Tuesday, February 18, 2020
From Naomi Cahn (GW), writing for Forbes:
We are in the middle of engagement season, and there is lots more to think about than choosing a ring or planning a wedding. That’s why, as Jen Glantz recently explained at HuffPost, “I’m Protecting My Money Before My Marriage.”
Getting married changes the emotional landscape of any couple and adds a new level of “commitment,” but it also changes the financial and legal relationship in some obvious and not-so-obvious ways.
First, you’re now eligible for a series of financial benefits and obligations. For example, in many states, if one of you buys “necessaries,” such as housing or food or medical care, then both of you could be on the hook for paying off that purchase.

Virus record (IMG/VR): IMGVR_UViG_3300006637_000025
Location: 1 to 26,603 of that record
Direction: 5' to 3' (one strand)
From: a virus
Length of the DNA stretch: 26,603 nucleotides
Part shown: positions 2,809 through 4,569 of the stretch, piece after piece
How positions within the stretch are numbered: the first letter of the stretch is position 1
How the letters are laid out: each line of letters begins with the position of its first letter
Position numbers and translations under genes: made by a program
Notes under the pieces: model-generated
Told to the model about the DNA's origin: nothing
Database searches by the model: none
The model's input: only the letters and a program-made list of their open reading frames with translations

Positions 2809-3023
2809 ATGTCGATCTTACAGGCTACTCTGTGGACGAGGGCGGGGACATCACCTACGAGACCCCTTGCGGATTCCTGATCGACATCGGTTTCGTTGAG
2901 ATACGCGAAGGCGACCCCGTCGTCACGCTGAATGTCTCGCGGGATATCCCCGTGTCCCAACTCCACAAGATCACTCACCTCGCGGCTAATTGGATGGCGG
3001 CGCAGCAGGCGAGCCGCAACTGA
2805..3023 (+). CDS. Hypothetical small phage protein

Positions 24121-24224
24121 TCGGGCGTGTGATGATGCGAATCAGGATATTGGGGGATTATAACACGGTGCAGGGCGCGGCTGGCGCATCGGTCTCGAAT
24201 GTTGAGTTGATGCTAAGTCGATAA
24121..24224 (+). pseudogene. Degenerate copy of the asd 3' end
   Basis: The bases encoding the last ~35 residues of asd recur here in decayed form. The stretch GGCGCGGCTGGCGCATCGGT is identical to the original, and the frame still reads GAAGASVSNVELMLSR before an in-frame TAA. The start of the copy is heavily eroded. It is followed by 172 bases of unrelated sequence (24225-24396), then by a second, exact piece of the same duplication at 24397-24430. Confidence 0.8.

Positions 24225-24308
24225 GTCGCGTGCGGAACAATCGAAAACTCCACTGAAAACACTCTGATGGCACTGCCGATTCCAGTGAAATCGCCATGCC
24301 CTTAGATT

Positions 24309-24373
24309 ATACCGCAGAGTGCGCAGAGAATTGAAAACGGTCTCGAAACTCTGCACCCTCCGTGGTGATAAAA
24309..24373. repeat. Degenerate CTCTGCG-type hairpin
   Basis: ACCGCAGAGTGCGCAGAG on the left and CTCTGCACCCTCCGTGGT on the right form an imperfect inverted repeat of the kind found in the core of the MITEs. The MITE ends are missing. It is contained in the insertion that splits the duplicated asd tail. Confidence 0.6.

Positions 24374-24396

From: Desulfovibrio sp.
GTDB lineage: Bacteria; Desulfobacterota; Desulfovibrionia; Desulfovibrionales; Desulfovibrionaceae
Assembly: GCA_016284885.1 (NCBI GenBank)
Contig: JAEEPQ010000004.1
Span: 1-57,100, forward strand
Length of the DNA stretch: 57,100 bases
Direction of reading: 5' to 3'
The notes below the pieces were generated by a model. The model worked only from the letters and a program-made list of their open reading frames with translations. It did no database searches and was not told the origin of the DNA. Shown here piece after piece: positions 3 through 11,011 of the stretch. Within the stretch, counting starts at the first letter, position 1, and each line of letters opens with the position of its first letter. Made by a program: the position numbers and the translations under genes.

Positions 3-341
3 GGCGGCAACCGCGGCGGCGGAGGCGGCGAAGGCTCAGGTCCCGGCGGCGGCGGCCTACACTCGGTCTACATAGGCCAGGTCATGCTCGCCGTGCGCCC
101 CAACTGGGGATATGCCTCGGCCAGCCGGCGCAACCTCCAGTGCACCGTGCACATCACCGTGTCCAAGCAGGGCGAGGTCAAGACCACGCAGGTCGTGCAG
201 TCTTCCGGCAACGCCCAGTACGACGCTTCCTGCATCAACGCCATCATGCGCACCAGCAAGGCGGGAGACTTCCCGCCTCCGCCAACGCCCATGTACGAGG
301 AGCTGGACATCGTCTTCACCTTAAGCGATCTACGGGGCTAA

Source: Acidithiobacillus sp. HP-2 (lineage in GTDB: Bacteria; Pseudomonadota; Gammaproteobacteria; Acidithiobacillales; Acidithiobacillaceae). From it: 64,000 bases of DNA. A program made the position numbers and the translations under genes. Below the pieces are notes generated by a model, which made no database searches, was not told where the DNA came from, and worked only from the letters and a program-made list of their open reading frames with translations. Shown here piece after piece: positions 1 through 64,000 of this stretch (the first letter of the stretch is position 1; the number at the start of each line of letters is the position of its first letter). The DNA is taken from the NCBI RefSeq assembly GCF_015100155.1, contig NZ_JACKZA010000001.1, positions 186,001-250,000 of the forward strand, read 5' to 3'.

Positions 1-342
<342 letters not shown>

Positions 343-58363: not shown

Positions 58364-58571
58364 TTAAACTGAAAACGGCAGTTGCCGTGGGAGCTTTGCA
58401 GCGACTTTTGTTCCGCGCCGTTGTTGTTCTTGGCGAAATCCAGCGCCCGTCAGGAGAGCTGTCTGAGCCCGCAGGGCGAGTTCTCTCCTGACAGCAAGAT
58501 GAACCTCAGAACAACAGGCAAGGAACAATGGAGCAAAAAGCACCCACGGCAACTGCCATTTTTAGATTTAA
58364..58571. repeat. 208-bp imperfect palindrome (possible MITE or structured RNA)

Or, when you get divorced, any money or assets that either of you earned during the marriage (regardless of how they are owned during the marriage) will be available for distribution. That is, everything you earn during your marriage (and in some states even what may be inherited during the marriage) is subject to some form of division between you at divorce. For example, even if you deposit your salary into a separate bank account, that account can still be divided at divorce.
Read more here.